FEAR, THE BEGINNING OF WISDOM—Part 1
“The fear of the Lord is the beginning of knowledge; Fools despise wisdom and instruction” (Proverbs 1:7).
We are told in Scripture to fear God and yet at the same time, we are told to not fear Him. Is this a contradiction? No, for there is no contradiction in God’s Word. Much of the confusion comes from the Hebrew and Greek meaning behind the word “fear.”
Here, the Greek word “Phobos” means “to flee or withdraw” from God, either because of terror of punishment and harm, or, in contrast, because we sense our own inadequacy in His presence. Those are very different meanings!
On the one hand, all sinners should fear God and “shrink back” from His righteousness judgement, which demands justice for their evil deeds. And “this is the judgment, that the Light has come into the world, and men loved the darkness rather than the Light, for their deeds were evil. For everyone who does evil hates the Light, and does not come to the Light for fear that his deeds will be exposed” (Jn. 3:19-20). This is to fear God as a threat to you—as your enemy. Unfortunately, man often loses his fear of God’s judgment when his sin goes unpunished due to the patience of God and he continues to commit evil with no fear.
On the other hand, every single prophet who was in God’s presence “feared the Lord,” because they knew they should not be there! They were painfully aware of their sinful inadequacy in the presence of a Holy God and it was excruciating! Most fell on their faces as if they were dead, objectively recognizing that their fallen, sinful flesh deserved judgment!
To obtain Salvation from God’s judgment, we must start with this kind of “fear of God,” which is an objective heart-understanding of our sinful inadequacy and of God’s sufficiency. This sense to “withdraw” from His holiness is an understanding or confession in the heart of the sinner that we are not worthy and cannot measure up. When we come to this “fear of the Lord,” something wonderful happens. God does not turn us away, nor hasten our retreat; instead, He welcomes us to Him! We can take refuge from our inadequacy in His sufficiency! He will accept us, if we confess the truth of our inadequacy and “get reconciled” with Him through the sacrifice of Jesus Christ in our place of judgment—so making peace and covering our insufficiency with His sufficiency in the presence of God.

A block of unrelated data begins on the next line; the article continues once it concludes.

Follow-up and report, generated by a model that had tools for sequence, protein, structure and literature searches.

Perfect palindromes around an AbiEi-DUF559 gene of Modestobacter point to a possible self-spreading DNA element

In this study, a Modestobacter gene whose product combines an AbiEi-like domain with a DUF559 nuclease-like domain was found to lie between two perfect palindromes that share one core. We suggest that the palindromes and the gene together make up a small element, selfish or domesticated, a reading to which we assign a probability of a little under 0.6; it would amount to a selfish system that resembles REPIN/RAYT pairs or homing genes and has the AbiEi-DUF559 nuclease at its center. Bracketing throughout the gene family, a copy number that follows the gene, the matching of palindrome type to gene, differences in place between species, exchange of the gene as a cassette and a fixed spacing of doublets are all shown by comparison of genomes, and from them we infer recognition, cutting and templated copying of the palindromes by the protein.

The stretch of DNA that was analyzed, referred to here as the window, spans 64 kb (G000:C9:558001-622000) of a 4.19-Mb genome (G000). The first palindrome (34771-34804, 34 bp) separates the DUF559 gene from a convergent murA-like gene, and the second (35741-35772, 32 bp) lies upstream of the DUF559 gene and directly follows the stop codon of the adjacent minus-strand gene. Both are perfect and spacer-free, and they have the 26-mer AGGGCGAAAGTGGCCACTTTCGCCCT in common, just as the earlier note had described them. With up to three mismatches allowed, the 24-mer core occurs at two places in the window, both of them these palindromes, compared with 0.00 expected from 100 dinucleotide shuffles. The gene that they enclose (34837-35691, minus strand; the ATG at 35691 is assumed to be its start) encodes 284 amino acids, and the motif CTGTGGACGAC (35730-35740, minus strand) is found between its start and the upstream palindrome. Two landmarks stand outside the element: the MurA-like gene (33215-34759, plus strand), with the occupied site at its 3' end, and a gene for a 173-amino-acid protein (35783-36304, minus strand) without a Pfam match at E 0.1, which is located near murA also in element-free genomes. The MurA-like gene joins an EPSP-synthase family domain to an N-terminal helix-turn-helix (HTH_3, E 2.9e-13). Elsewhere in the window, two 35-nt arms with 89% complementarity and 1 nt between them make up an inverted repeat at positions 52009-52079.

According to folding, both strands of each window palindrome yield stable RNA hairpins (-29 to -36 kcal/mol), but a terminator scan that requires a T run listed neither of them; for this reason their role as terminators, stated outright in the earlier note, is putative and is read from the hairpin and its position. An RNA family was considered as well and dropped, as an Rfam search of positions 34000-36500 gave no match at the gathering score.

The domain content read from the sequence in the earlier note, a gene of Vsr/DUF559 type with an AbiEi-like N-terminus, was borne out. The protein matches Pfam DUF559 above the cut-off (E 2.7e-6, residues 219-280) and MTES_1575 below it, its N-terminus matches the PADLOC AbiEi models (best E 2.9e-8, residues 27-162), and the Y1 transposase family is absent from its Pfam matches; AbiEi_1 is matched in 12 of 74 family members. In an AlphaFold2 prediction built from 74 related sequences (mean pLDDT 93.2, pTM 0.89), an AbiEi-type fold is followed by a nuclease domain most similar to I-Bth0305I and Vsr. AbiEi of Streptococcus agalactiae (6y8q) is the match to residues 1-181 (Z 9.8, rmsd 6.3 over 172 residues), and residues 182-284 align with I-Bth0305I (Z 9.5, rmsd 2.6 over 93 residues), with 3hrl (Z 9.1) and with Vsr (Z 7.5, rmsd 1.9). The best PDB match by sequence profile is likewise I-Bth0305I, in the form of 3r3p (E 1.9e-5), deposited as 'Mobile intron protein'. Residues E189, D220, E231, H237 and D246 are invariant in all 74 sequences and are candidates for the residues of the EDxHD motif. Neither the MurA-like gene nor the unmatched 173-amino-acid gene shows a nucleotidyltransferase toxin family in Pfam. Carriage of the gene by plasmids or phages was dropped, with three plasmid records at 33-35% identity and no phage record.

This is not a fear that makes you retreat from God, but a fear that makes you recognize you are inadequate and HE is adequate. It is to know you have no right to approach Him, but He has welcomed you and given you the right through Christ to find refuge in His adequacy: “How great is Your goodness, which You have stored up for those who fear You, which You have wrought for those who take refuge in You, before the sons of men!” (Ps. 31:19)
You cannot take refuge in someone you consider a threat—who you fear will harm you! And this is why John teaches us that “there is no fear in love; but perfect love casts out fear, because fear involves punishment, and the one who fears is not perfected in love” (1 Jn. 4:18). God is no longer an enemy that we should fear—He is our heavenly Father who awes us by His undeserved love.
The beginning of a right relationship with God is to recognize you cannot save yourself because you are wholly insufficient without Christ’s gift of Himself in your place of judgment. It is to feel that sense of inadequacy in our relationship with God, but we press forward into Him, because Christ has covered our inadequacy by His sacrifice and His love. We are now accepted in God’s presence, not because of ourselves, but because of Jesus. We have no more fear of judgment, but we have a deep “fear of the Lord.”
This “fear” is the beginning of wisdom. “We are not of those who shrink back to destruction, but of those who have faith to the preserving of the soul” (Heb. 10:39). Amen.